Australia has promised $20 million to help local games developers.
With success stories like Halfbrick (Fruit Ninja, Jetpack Joyride) and Voxel Agents (Train Conductor), the government wants to capitalise on its success and establish a reputation for games development.
"Australian games studios are recognised internationally for their skill and originality in developing interactive games played all over the world, but the local industry is coming under increased pressure in the midst of a major market shift," said federal arts minister Simon Crean.
"This is a substantial investment to foster this growing sector where artists, musicians, writers, performers, and software developers collaborate to meet the local and global demand for interactive entertainment and education."
Crean announced the pledge today at the Screen Producers Association of Australia National Conference in Melbourne.
The $20 million is part of the new Australian Interactive Games Fund designed to help local developers "reclaim their competitive advantage" in the overseas market.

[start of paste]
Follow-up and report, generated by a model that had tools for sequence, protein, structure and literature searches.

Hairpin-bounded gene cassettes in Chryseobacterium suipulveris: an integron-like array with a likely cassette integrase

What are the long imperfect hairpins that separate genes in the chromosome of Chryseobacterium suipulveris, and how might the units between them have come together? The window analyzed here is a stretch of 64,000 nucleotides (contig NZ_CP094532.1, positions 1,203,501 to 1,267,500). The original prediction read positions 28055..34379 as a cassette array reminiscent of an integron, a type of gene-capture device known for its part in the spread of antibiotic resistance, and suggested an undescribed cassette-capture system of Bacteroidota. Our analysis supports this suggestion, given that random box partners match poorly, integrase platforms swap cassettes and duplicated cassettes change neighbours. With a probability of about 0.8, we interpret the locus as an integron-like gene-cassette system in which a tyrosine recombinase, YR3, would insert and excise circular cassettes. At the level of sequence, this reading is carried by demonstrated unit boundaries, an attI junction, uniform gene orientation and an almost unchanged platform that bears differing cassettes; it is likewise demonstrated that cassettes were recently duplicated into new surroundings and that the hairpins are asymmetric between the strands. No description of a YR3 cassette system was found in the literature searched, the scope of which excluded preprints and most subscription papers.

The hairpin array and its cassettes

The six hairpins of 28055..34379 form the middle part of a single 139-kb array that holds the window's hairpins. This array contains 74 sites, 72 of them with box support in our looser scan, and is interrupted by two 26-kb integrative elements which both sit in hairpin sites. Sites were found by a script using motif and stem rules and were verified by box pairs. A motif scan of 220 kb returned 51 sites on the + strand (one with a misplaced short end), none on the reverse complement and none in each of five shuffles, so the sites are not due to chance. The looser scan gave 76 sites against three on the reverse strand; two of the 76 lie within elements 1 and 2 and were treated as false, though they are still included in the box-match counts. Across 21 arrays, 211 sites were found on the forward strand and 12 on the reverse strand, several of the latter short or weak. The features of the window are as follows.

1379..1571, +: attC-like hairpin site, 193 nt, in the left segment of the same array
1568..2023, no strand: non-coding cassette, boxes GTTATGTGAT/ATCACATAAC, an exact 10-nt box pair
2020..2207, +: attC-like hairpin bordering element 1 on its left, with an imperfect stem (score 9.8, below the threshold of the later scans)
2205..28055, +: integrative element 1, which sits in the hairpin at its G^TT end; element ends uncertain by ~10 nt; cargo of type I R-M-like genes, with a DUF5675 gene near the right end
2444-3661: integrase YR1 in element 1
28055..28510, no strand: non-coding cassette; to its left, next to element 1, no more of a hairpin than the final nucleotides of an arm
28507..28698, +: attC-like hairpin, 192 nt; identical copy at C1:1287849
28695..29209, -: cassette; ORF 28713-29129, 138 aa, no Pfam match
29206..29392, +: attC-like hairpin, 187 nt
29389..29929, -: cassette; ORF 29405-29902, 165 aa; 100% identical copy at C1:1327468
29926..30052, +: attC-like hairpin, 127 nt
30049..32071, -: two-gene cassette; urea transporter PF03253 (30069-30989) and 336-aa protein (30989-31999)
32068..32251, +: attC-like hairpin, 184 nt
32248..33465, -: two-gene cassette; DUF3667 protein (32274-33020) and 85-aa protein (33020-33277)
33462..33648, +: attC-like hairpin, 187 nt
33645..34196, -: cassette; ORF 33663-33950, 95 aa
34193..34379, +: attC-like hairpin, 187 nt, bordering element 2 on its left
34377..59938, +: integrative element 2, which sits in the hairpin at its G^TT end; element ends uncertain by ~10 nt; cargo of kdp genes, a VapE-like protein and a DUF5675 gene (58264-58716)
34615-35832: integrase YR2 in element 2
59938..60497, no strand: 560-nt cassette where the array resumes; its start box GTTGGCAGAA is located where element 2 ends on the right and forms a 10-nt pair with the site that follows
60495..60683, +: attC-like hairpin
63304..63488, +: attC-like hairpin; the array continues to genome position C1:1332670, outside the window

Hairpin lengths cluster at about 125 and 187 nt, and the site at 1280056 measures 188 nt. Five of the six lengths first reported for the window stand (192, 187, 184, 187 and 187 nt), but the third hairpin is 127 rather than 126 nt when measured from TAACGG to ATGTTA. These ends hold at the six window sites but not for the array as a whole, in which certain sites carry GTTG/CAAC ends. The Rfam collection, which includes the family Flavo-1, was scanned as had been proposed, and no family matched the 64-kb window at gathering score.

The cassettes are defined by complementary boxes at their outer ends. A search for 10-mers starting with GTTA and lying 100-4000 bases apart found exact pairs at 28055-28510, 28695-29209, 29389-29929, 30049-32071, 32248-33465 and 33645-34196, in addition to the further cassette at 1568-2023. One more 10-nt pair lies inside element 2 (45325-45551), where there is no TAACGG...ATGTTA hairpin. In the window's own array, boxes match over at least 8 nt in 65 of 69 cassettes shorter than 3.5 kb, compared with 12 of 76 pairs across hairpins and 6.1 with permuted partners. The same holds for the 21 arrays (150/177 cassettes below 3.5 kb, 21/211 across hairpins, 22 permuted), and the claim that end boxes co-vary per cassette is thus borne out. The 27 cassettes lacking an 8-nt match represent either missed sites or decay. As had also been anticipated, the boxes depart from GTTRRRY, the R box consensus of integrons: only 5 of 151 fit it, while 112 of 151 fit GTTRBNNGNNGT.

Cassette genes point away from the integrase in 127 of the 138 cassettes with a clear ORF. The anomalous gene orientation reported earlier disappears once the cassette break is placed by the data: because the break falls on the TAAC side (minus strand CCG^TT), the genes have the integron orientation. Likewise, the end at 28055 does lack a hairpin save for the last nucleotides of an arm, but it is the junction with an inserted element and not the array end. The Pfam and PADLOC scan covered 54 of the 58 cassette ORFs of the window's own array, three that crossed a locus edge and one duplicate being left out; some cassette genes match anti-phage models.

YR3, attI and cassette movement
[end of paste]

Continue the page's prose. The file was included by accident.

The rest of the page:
Last year Team Bondi, one of Australia's most promising studios, was shuttered after a scandal revolving around poor work conditions during the "crunch" prior to the release of L.A. Noire.
The new funding may inject new hope into a local industry hit hard by cuts and studio closures from foreign publishers.
The Game Developers' Association of Australia CEO Tony Reed was enthusiastic about the news, telling GameSpot that the fund was a recognition of the "cultural and economic significance" of local games development.
"We look forward to working with the federal government to create a program that supports growth and stability, secures jobs, encourages innovation and creativity, and promotes investment in Australian talent and capability globally," said Reed.
No details were provided as to who would be eligible for funding or its administration, but the government said it had appointed Screen Australia to provide guidelines in consultation with local developers.
Crean's office says the fund will provide $5 million annually through 2012 to 2013, scaling up to $10 million per annum in 2014-15.